“When I shoot, I have an out of body experience,” Amelia [Coffaro, a freelance photographer who was diagnosed with breast cancer at 28] says. “I don’t feel afraid to know what the doctors are going to say.” By using Instagram, she feels that she has a more immediate and direct connection with others, allowing them to see her experiences in real time.”
Amelia’s friend and fellow photographer Elizabeth Griffin has also been documenting Amelia’s journey. Elizabeth’s photos combined with Amelia’s Instagram shots allow the viewer to not only see the struggle of a cancer patient from the outside, but also to feel and witness the struggle through the eyes of the patient herself.
The project, which they call “Project Amelia,” is meant to challenge assumptions about cancer — and to put a frame around the struggles faced by women with breast cancer.
Photo Credit: Elizabeth Griffin and Amelia Coffaro
You Are My Wild is a talented group of 14 photographers who publish a weekly portrait series of how they see their kids.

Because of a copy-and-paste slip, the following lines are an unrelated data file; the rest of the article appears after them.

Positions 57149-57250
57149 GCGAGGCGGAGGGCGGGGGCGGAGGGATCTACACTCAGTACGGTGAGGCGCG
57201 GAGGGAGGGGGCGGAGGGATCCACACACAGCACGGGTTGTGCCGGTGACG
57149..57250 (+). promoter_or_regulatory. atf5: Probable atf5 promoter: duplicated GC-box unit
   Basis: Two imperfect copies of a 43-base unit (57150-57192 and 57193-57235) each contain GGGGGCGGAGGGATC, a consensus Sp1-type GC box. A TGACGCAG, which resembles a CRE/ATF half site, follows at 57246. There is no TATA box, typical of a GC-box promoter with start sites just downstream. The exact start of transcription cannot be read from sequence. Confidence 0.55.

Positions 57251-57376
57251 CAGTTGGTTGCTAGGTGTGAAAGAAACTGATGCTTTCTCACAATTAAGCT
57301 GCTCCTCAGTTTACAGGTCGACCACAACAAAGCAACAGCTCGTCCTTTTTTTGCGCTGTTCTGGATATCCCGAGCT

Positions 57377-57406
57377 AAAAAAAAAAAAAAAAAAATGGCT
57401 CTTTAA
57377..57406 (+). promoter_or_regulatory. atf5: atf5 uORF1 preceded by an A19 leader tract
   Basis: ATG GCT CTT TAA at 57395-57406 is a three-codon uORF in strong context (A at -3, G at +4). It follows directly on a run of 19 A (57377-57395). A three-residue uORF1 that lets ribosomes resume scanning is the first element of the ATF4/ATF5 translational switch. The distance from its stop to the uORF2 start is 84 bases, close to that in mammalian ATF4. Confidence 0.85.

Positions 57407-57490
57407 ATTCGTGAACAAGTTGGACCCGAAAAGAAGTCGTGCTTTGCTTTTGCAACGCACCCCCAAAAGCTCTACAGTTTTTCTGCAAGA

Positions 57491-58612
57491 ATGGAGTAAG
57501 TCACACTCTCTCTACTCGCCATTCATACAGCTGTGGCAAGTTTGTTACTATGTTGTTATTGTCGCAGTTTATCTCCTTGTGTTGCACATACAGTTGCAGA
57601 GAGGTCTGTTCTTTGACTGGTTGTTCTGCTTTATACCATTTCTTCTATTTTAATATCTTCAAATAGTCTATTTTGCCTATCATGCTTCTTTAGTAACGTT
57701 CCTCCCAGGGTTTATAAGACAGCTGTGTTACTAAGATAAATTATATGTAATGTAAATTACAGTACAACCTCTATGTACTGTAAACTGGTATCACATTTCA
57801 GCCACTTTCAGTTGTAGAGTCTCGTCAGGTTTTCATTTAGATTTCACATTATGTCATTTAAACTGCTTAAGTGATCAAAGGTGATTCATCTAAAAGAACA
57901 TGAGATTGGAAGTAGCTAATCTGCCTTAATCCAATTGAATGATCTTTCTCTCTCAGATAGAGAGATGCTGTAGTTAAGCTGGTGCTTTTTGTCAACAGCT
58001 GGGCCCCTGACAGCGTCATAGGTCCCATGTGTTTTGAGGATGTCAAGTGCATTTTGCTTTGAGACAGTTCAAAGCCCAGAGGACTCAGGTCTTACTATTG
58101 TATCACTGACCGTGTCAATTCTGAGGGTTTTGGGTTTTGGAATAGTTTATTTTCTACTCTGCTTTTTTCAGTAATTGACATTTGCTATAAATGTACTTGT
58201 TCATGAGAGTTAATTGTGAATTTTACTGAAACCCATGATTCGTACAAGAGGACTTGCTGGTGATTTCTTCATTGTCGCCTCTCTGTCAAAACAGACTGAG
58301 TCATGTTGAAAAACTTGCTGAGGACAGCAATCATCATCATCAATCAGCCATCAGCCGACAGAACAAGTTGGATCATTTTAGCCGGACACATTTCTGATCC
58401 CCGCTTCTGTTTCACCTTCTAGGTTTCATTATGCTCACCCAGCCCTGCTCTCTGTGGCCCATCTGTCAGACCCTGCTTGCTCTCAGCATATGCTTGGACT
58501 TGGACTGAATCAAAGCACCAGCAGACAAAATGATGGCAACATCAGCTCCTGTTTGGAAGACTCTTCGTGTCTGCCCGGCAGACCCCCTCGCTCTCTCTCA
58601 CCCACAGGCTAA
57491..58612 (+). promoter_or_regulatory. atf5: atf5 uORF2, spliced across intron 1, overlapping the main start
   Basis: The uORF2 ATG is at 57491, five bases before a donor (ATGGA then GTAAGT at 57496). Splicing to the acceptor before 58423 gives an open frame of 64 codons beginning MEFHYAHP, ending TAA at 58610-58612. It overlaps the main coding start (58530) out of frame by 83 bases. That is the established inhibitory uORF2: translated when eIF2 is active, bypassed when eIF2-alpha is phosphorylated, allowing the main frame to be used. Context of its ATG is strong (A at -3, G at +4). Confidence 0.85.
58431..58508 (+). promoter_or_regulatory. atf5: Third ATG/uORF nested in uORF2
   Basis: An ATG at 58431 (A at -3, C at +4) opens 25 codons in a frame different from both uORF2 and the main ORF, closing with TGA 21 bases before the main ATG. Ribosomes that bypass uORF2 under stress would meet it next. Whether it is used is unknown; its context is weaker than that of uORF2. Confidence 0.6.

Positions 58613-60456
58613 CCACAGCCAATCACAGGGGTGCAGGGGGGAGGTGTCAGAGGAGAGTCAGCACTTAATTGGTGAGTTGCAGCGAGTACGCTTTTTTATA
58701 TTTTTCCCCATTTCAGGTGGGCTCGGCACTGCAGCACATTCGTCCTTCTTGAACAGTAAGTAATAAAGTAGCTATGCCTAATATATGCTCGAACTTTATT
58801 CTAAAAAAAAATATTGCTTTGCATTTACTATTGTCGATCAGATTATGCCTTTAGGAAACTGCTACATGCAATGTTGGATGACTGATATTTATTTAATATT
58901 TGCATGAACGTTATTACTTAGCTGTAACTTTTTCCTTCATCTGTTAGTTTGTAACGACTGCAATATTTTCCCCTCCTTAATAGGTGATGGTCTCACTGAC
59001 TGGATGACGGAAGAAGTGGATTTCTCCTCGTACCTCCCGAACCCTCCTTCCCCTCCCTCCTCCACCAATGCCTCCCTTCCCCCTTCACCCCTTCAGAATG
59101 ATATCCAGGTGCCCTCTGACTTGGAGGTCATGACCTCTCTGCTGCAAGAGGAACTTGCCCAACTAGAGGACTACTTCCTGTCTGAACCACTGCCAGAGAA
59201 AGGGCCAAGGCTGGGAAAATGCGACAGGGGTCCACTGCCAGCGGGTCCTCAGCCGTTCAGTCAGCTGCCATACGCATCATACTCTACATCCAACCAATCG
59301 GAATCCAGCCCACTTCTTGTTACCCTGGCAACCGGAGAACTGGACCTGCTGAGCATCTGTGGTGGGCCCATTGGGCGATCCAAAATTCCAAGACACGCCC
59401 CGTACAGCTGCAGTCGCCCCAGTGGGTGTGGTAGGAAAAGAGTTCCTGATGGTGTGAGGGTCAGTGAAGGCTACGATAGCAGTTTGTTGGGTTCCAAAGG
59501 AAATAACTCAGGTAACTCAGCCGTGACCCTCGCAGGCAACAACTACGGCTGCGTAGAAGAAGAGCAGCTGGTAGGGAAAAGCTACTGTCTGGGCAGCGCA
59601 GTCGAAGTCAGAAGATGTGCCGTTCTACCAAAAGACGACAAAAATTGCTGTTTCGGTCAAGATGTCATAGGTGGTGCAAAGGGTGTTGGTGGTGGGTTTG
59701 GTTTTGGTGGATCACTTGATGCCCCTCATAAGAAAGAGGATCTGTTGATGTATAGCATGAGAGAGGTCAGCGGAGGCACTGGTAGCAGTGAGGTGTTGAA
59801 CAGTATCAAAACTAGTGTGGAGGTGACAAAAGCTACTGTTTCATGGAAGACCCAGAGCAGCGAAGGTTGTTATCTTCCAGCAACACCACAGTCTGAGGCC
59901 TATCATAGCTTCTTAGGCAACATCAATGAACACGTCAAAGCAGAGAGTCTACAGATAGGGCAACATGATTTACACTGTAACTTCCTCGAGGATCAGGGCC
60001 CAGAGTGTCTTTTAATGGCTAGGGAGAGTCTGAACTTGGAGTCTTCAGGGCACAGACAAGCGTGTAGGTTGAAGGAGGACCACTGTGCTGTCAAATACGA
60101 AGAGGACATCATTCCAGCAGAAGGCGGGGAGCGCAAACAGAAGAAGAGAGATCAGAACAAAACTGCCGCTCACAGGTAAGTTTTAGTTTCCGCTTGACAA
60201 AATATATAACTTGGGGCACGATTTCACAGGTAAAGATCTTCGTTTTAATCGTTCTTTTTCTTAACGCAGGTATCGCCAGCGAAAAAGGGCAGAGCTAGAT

We talked with Meaghan Curry one of the founding members, and she gave us a little insight into how they started:
“Right after the new year, and in sort of a creative lull, we were brainstorming about starting a project to force ourselves to put down our phone cameras down and pick up our other cameras more regularly…
Ironically, Instagram is the common thread between us. It is where we found other people documenting their children in really loving, beautiful and respectful ways.”
These are are so beautiful!
Afghanistan’s Wakhan Corridor
Afghanistan’s Kyrgyz nomads survive in one of the most remote, high-altitude, bewitching landscapes on Earth. It’s a heavenly life—and a living hell.
A book of Matthieu Paley’s photographs of the Kyrgyz, “Pamir: Forgotten on the Roof of the World” was published in October by La Martinière in French and Knesebeck in German. He is trying to get it printed in English, too.
[Credit : Matthieu Paley]
“I love myself when I am laughing…and then again when I am looking mean and impressive.”
- Zora Neale Hurston
photographs by Carl Van Vechten